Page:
The Bonzo Dog Doo Dah Band - a History
The Bonzo Dog Dada Band was formed in the period 1962-1965, named after
George Studdy's famous 1920s/30s postcard puppy Bonzo Dog
and the Dada anti-art movement.
Vivian Stanshall and Rodney Slater (who shared digs)
had rehearsal sessions in the Royal College of Art canteen,
forming the Band, later changing the name to The Bonzo Dog Doo-Dah Band.
By 1965 there were enough people for the group to venture out to pub gigs.
Their early success occurred in a number of London
pubs and the club circuit of North-East England. They drew from the
comedy and novelty songs of 1900-1930, wore 1920s garb and followed the
eccentric music hall tradition in their antics and comic sketches, leading to
comparisons with The Temperance Seven,
Spike Jones and His City Slickers and Sid Millward's Nitwits.
- Vivian cited another source:
- If there was any influence at all, it would be
or the Commedia del Arte.
- Neil Innes said:
- We're not doing a Temperance Seven, we're murdering them.
His blurb on By Jingo, It's British Rubbish points out they wanted to be
somewhere between The Alberts and The Temps.
- A press release described their act as:
- A ballet for the vulgar.
Viv Stanshall and Larry Smith were at Central London Art College,
Roger Ruskin-Spear was at Ealing College with Pete Townshend,
Neil Innes at Goldsmith's and Rodney Slater at St. Martin's. Neil lived in the same house as
Vernon Dudley Bohay-Nowell.
When they completed their art courses in July 1966 they turned professional.
In late 1966 Geoff Stephens offered them the job of being the New Vaudeville Band following the
success of Winchester Cathedral, recorded by session musicians.
Only Bob Kerr wanted to do it and he left the Bonzos, later forming
Bob Kerr's Whoopee Band which still  carries on the early Bonzo tradition.
Subsequent comments such as "you're just like the New Vaudeville Band" pushed
the Bonzos towards rock music.
By 1967 they had moved on from the pub circuit to night clubs such
as The Flamingo and Paul Raymonde's Revue Bar and had
evolved a style based largely on
Neil and Vivian's own compositions.
Their anarchic, highly visual shows appealed to the underground music audience
then evolving from places like the UFO Club in Tottenham Court Road.
Vivian's Death Cab For Cutie from the
Gorilla album was featured in
the Beatles' film Magical Mystery Tour, Paul McCartney having been
to some Bonzo gigs and having managed to persuade John Lennon that it was a good idea.
This lead to Rodney appearing in many publicity photos with a
Lump It John T-shirt.
Gorilla was delayed for a month as Quintin Hogg MP (later Lord Hailsham)
objected to his mention on
The Intro And The Outro:
"and now just arriving, Quintin Hogg on piggy-grunt".
The band had to re-record the track without the reference.
They shortened their name to The Bonzo Dog Band
by the time of their second album,
The Doughnut In Granny's Greenhouse.
Their first UK Top 5 hit
I'm The Urban Spaceman
(Oct. '68) was produced by Paul McCartney and Gus Dudgeon under the pseudonym Apollo C. Vermouth.
The song had been unveiled on the TV series
Do Not Adjust Your Set, on which they performed
many songs which appeared on their third album
Tadpoles and the earlier albums.
By now their live act had become highly polished, with Roger's robots
and other props plus antics by `Legs' Larry, Vivian and others.
After recording the 1968 Christmas TV special Do Not Adjust Your Stocking
they were exhausted but things improved when Tony Stratton-Smith of
Charisma Records took over as personal manager,
Gerry Bron and Liberty Records retaining other rights.
Two U.S. tours followed, with cult success (including a concert at Fillmore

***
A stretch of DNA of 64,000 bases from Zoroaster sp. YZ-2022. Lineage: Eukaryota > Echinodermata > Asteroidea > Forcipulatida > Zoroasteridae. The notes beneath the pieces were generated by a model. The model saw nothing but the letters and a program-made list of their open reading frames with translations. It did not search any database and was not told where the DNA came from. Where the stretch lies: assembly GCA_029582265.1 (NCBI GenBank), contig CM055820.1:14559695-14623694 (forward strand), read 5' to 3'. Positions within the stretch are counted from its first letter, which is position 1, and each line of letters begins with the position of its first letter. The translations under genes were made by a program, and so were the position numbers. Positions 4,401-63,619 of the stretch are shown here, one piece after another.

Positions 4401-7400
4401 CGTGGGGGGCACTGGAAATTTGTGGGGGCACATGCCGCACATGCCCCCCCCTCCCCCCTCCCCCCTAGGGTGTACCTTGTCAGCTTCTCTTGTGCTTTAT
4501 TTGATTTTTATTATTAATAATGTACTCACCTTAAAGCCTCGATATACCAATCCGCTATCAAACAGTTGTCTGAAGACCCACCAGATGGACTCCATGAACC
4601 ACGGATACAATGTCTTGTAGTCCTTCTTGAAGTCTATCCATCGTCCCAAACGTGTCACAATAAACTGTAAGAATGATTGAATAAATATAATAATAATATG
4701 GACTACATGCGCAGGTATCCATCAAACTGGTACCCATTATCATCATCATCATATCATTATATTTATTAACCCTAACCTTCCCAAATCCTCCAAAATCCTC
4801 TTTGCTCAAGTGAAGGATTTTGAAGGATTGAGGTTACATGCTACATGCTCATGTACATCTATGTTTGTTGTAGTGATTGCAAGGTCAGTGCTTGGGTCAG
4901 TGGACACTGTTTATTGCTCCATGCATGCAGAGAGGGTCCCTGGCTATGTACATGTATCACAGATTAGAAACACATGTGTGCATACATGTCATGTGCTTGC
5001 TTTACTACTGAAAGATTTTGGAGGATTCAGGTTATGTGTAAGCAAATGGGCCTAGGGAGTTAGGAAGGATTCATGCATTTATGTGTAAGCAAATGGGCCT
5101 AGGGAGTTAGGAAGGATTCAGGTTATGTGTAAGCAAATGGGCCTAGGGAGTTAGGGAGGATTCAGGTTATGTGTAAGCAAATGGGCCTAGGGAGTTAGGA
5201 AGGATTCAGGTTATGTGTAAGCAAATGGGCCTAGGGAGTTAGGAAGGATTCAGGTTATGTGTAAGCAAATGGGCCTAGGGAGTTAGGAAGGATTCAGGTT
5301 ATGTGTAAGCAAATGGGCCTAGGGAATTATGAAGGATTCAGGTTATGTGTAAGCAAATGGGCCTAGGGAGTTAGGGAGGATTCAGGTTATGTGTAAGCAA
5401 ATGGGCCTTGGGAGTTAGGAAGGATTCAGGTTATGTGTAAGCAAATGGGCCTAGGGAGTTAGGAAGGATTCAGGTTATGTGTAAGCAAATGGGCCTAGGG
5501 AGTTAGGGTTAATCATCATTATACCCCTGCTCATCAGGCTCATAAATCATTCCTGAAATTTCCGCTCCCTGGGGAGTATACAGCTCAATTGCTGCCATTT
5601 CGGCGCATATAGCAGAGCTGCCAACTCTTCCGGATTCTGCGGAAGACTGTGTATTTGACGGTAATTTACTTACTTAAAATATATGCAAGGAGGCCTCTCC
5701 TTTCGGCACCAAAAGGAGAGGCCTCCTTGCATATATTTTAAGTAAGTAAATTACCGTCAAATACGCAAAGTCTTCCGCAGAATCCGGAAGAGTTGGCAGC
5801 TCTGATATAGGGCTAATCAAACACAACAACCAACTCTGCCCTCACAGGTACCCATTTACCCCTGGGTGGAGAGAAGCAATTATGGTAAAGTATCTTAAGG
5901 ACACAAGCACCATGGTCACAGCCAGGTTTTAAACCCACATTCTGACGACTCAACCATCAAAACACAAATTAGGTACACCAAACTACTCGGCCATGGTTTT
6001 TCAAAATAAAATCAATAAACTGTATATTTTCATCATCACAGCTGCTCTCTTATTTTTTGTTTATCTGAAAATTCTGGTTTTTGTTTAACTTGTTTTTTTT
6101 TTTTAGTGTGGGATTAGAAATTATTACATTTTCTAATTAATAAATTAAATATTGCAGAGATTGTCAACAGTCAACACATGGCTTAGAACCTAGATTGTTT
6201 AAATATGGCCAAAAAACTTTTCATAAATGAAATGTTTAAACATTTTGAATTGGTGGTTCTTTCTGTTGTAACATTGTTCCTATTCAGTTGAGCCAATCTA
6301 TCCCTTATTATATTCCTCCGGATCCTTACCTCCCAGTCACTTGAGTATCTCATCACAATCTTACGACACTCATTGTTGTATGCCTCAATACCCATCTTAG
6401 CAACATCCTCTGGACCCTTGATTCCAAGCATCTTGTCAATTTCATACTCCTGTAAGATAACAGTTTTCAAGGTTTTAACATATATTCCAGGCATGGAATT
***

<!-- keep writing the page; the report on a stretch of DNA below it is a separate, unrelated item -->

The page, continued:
West with Joe Cocker and the Byrds) but the record company failed to
distribute records properly to back them up and financial problems forced the
Bonzos to go home early from the second tour.
On the day that Neil Armstrong first walked on the Moon, they were due to play at Cork
sports stadium in Ireland with The Nice and Yes
but the stage was incomplete and the only power supply
was a single socket in the ticket hut. There was no sign of organisers or audience.
They ended up chasing their manager and his accountant across the
pitch crying "debag the rotters!".
The Bonzos appeared at the
1969 Isle of Wight Festival,
with Jim Capaldi from Traffic
taking over from Larry on drums who was now out in front taking part in the antics.
After their fourth album Keynsham,
Vivian and Arthur Brown worked on a project for the Bonzos called Brain Opera,
part of which (Excerpt From The Brain Opera) was recorded for
John Peel's Top Gear.
The Bonzo's management was unhappy with The Brain Opera ("They likened it to an
end-of-term revue by medical students" - Roger Ruskin-Spear) and there was pressure
for another hit.
Vivian announced the breakup of the Bonzos at a gig at the
Lyceum Ballroom in January 1970 - this had been decided collectively in New York
at the end of their disastrous second U.S. tour.
The Bonzos played their
at Loughborough University
in March 1970, though their contract required one more album:
Let's Make Up And Be Friendly.
There was a reunion single
No Matter Who You Vote For, The Government Always Gets In
for the 1987 General Election but it wasn't released until 1992.
Vivian Stanshall formed the short-lived Sean Head Showband with Dennis Cowan,
Eric Clapton and Rema Kabaka.
Next he formed Vivian Stanshall & His Gargantuan Chums and
the biG GRunt with Dennis, Roger Ruskin Spear and Bonzo roadie `Borneo' Fred Munt.
Their one single Blind Date was produced by
(the flip side being the Chum's Suspicion).
Since the mid-70s Vivian pursued a variety of projects,
mostly based around Rawlinson End.
Neil Innes formed The World with Dennis Cowan, Roger McKew and Ian Wallace.
They made one album, Lucky Planet,
but they split up before it was due to come out.
Dennis went on to the biG GRunt and Ian to King Crimson.
Neil and Vivian guested on The Scaffold's
Do The Albert.
Neil recorded solo for United Artists, producing the album
How Sweet To Be An Idiot
and also worked with groups such as McGuinness Flint
and Grimms and with the
Monty Python team, appearing in
Monty Python and the Holy Grail.
He teamed up with Eric Idle for
Rutland Weekend Television
and the spin-off The Rutles
and then got his own TV series The Innes Book of Records.
Roger Ruskin Spear toured with
Roger Ruskin Spear & His Giant Orchestral Wardrobe
(a.k.a. Roger Ruskin Spear & His Giant Kinetic Wardrobe).
He then formed the groups Tatty Ollity with Sam Spoons and then
The Slightly Dangerous Brothers with Dave Glasson.
Later he appeared with Sam Spoons's
Bill Posters Will Be band but is now an art lecturer.
`Legs' Larry Smith recorded Witchi Tai To